ASAE Letter to Congress Urges No More Meeting Restrictions
Some members of Congress reportedly are keen to revive legislation that would impose new limitations on government employee attendance at conferences. ASAE last week urged lawmakers not to create new barriers to interaction between associations and government.
ASAE is continuing to press a strong message to lawmakers about the importance of government employees attending face-to-face meetings.
Last week, it submitted a letter to every member of Congress imploring them to refrain from enacting more restrictions that would further discourage the necessary interaction between associations and the federal government.
Members of the ASAE Meetings Coalition have indicated that Senate Homeland Security and Governmental Affairs Chairman Ron Johnson (R-WI) is looking to reintroduce the Coburn-Heitkamp compromise version of the Conference Accountability Act, S. 1347.
That version, which was pulled from markup last summer, included more-stringent reporting requirements for federal employees that have attended meetings where the agency spent more than $50,000. It would have also prevented agencies from spending more than $500,000 on a single conference unless Congress approved a request made by the agency.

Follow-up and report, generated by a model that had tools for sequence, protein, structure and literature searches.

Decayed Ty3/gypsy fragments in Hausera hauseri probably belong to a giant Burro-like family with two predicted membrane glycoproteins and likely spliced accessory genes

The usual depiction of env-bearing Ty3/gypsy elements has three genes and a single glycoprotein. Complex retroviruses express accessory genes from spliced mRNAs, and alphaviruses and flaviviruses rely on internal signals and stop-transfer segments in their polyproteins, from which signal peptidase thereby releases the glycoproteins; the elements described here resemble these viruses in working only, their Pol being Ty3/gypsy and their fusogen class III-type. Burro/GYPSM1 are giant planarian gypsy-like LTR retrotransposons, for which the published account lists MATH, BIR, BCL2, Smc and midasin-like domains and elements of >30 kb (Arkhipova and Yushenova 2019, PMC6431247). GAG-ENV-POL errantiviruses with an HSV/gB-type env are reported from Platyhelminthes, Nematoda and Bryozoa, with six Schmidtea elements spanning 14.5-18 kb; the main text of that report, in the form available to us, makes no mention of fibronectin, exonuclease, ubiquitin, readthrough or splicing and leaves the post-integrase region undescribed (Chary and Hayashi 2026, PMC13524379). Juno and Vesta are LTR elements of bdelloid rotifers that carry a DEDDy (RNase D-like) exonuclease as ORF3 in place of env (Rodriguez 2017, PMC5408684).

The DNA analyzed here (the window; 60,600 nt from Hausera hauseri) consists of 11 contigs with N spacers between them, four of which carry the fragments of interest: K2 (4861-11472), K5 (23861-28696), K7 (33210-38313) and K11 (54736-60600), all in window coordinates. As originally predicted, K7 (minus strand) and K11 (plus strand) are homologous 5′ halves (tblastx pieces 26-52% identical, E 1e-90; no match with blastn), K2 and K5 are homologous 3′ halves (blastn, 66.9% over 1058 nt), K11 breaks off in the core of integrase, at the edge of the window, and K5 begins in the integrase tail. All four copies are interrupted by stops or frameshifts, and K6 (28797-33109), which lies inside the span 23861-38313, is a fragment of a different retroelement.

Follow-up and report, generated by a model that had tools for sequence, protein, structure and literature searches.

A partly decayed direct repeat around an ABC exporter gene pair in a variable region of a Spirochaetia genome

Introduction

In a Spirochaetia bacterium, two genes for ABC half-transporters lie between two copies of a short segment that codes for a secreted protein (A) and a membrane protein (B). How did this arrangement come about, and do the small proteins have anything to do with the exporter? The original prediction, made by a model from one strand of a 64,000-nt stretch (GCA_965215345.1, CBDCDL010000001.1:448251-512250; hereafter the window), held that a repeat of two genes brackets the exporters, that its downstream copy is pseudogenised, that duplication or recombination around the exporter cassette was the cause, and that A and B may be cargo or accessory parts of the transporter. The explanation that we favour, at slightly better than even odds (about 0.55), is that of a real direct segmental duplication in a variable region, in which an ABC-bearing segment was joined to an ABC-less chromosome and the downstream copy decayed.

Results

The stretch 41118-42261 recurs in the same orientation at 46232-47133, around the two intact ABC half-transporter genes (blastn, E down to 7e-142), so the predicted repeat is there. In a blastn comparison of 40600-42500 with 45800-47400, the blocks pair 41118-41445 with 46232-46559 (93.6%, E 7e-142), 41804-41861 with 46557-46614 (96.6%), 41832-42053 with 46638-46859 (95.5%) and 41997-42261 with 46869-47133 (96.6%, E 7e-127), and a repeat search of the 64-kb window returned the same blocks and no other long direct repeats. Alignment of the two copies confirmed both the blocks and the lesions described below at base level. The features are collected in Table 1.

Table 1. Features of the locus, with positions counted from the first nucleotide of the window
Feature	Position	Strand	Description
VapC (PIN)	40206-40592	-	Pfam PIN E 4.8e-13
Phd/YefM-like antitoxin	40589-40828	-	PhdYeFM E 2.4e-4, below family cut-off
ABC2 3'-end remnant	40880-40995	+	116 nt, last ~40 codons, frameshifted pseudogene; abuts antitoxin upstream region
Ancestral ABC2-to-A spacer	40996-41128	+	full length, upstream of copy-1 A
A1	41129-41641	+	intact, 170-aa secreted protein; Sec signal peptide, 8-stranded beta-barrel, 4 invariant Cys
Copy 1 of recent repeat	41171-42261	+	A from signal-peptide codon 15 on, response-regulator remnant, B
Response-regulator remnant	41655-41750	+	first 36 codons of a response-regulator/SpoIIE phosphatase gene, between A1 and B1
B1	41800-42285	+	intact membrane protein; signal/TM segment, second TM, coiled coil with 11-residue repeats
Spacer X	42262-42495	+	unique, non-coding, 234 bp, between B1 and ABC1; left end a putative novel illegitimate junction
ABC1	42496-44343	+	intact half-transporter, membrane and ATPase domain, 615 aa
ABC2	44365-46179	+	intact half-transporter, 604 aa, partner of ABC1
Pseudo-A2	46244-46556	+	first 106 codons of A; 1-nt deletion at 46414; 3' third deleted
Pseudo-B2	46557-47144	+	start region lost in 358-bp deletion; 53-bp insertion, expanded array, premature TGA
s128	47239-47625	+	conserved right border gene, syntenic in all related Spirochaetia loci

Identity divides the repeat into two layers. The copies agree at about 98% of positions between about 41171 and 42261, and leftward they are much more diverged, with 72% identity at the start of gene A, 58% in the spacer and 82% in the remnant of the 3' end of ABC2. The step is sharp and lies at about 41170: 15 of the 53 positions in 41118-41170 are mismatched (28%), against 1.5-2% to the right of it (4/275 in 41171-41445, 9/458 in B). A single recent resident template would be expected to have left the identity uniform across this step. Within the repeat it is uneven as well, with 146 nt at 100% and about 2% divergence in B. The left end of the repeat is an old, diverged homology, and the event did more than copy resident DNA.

ASAE’s position is that action by the Office of Management and Budget, including the M-12-12 Memo and additional Controller Alerts, have adequately addressed this issue and that statutory language will make it more difficult for federal employees to attend important association meetings.
“In every sector, a federal agency needs to hear and learn from the experts in their field, and very often those experts come together under the umbrella of a trade or professional society,” the letter stated. “From technology to protect our armed forces, to new cures for deadly diseases, to better building techniques for federal facilities, the knowledge and technology to save the government money while creating better public policy exists at association meetings and educational programs occurring every week. The ability to bring together so many knowledgeable experts happens through associations and cannot be replicated in a government office.”
Federal restrictions on government meetings are also affecting the events and conferences that agencies are holding. A recent quarterly report from Meeting Professionals International found that almost 50 percent of respondents expected a drop in government meetings last November. That number was up from the 43 percent who expected a decrease in August and 31 percent who expected a decrease in May of last year.